Romaine lettuce, also known as cos lettuce, is the most nutritious of all lettuces and is an excellent source of Vitamin C - more than five times that of iceberg lettuce.
This salad vegetable has deep green, long leaves with a crisp texture and a stronger flavor than iceberg lettuce, and is more tender and sweeter than other lettuce varieties. Like all lettuces, it has a low-calorie content and high water volume.
In addition to its high Vitamin C content, romaine lettuce is also an excellent source of Vitamin A. Research has shown that to absorb maximum Vitamin A from this salad leaf, it should be combined with a fat, such as olive oil from salad dressing.
Romaine lettuce is also a rich source of folic acid, and contains phosphorus, potassium and fiber. Phytochemically, this form of lettuce is a good source of lutein and zeaxanthin - these phytochemicals are important antioxidants that battle many diseases. Romaine lettuce also contains a significant amount of lactucaxanthin, which is a rare dietary carotenoid that was found to suppress the Epstein-Barr virus, one of the most common viruses in humans.
Romaine lettuce is rich in lutein and zeaxanthin, which are carotenoids found naturally in the eye that fight age-related macular degeneration, the leading cause of irreversible vision loss in the elderly.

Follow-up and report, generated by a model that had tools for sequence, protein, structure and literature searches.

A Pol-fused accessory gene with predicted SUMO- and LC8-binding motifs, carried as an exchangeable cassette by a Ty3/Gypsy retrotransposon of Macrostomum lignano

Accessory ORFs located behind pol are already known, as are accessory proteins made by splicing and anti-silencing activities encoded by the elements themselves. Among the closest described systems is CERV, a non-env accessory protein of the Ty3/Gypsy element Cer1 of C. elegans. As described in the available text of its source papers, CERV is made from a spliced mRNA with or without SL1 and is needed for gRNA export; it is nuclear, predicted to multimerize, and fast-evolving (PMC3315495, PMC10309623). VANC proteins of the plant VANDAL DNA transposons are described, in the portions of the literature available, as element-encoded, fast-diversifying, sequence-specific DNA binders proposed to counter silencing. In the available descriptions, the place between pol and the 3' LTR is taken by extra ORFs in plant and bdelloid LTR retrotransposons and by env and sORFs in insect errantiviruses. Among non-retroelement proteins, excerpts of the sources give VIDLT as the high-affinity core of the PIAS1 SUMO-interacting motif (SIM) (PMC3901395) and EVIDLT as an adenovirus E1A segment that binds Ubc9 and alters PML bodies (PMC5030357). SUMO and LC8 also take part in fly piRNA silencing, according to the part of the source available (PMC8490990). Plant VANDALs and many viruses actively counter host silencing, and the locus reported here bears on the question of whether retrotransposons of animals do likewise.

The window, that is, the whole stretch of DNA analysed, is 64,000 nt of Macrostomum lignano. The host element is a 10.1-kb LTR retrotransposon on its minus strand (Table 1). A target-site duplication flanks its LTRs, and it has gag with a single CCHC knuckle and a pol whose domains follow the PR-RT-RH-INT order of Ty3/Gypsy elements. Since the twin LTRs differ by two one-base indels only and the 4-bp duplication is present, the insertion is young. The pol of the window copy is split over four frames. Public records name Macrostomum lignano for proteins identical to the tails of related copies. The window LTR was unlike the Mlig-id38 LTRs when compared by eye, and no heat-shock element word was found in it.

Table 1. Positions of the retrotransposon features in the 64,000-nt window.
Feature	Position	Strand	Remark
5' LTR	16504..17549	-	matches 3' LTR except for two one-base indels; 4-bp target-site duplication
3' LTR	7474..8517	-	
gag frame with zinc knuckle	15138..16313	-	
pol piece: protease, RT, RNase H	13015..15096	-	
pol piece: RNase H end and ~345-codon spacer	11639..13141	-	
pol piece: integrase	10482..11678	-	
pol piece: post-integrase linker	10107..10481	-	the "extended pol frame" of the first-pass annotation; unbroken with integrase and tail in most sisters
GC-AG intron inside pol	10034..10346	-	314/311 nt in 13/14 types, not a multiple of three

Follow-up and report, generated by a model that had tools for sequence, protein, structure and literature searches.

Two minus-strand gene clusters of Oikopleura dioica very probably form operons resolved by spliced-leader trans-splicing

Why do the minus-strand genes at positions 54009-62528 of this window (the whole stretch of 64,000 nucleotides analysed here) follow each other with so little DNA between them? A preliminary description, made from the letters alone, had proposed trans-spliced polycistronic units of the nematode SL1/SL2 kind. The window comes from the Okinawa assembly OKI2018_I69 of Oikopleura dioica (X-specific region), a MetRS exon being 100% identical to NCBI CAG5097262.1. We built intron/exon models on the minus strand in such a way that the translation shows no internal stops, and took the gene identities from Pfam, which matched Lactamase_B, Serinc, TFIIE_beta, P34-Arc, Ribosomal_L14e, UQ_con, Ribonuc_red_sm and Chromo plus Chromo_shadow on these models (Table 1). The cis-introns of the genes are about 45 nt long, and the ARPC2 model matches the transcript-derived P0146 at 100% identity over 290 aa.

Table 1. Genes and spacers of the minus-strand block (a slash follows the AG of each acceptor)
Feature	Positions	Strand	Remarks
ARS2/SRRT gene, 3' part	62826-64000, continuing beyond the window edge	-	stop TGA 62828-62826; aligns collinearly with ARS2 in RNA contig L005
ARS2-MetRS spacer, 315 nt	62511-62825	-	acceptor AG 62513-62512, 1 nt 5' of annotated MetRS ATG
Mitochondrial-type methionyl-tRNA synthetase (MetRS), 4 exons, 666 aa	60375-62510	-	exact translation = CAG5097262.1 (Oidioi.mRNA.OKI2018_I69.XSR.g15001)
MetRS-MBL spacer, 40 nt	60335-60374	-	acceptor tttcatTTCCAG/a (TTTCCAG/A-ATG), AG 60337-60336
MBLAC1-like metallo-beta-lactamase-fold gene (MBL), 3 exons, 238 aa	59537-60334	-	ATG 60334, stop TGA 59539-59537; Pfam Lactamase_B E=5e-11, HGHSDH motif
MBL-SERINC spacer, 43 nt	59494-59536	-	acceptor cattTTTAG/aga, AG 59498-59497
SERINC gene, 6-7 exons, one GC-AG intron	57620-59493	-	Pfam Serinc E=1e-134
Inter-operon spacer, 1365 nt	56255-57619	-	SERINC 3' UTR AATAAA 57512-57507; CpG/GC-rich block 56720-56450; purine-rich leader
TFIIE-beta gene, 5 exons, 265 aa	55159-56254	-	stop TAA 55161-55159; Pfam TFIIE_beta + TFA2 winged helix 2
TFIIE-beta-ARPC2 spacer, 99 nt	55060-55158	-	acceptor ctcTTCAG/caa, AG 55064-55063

In a study conducted in the US, it was found that starting off a meal with a low-calorie salad gave a sense of fullness and reduce subsequent calorie intake, which may be an effective way for managing weight.
Salicylic acid, a main compound found in aspirin, which is used to treat inflammation, has been found in romaine lettuce. Salicylic acid is a cyclooxygenase-2 (COX-2) inhibitor, a key enzyme involved in inflammation, certain cancers, and the promotion of heart disease.
Tips for Using Lettuce
- Look for lettuce with large, darker-green, unwilted outer leaves, as the darker the leaves, the more nutrients they contain.
- Store lettuce and other salad vegetables in the refrigerator, where they should keep for up to ten days.
- Brown MJ et al. Carotenoid bioavailability is higher from salads ingested with full-fat than with fatreduced salad dressings as measured with electrochemical detection. Am J Clin Nutr. 2004 Aug;80(2):396-403.
- Batra KK, Wagner JR, Stokstad EL. Folic acid compounds in romaine lettuce. Can J Biochem. 1977 Aug;55(8):865-8.
- Mozaffarieh M, Sacu S, Wedrich A. The role of carotenoids, lutein and zeaxanthin, in protecting against age-related macular degeneration: A review based on controversial evidence. Nut J. 2003;2:20-28.
- Rolls Bj, Roe LS, Meengs JS. Salad and satiety: energy density and portion size of a first-course salad affect energy intake at lunch. J Am diet Assoc. 2004; 104: 1570-1576.
- Ingster LM, Feinleib M. Could salicylates in food have contributed to the decline in cardiovascular disease mortality? A new hypothesis. Am J Public health.. 1997;87:1554-1557.
- Paterson JR, Lawrence JR. Salicylic acid: a link between aspirin, diet and the prevention of colorectal cancer. QJM. 2001;94:445-448.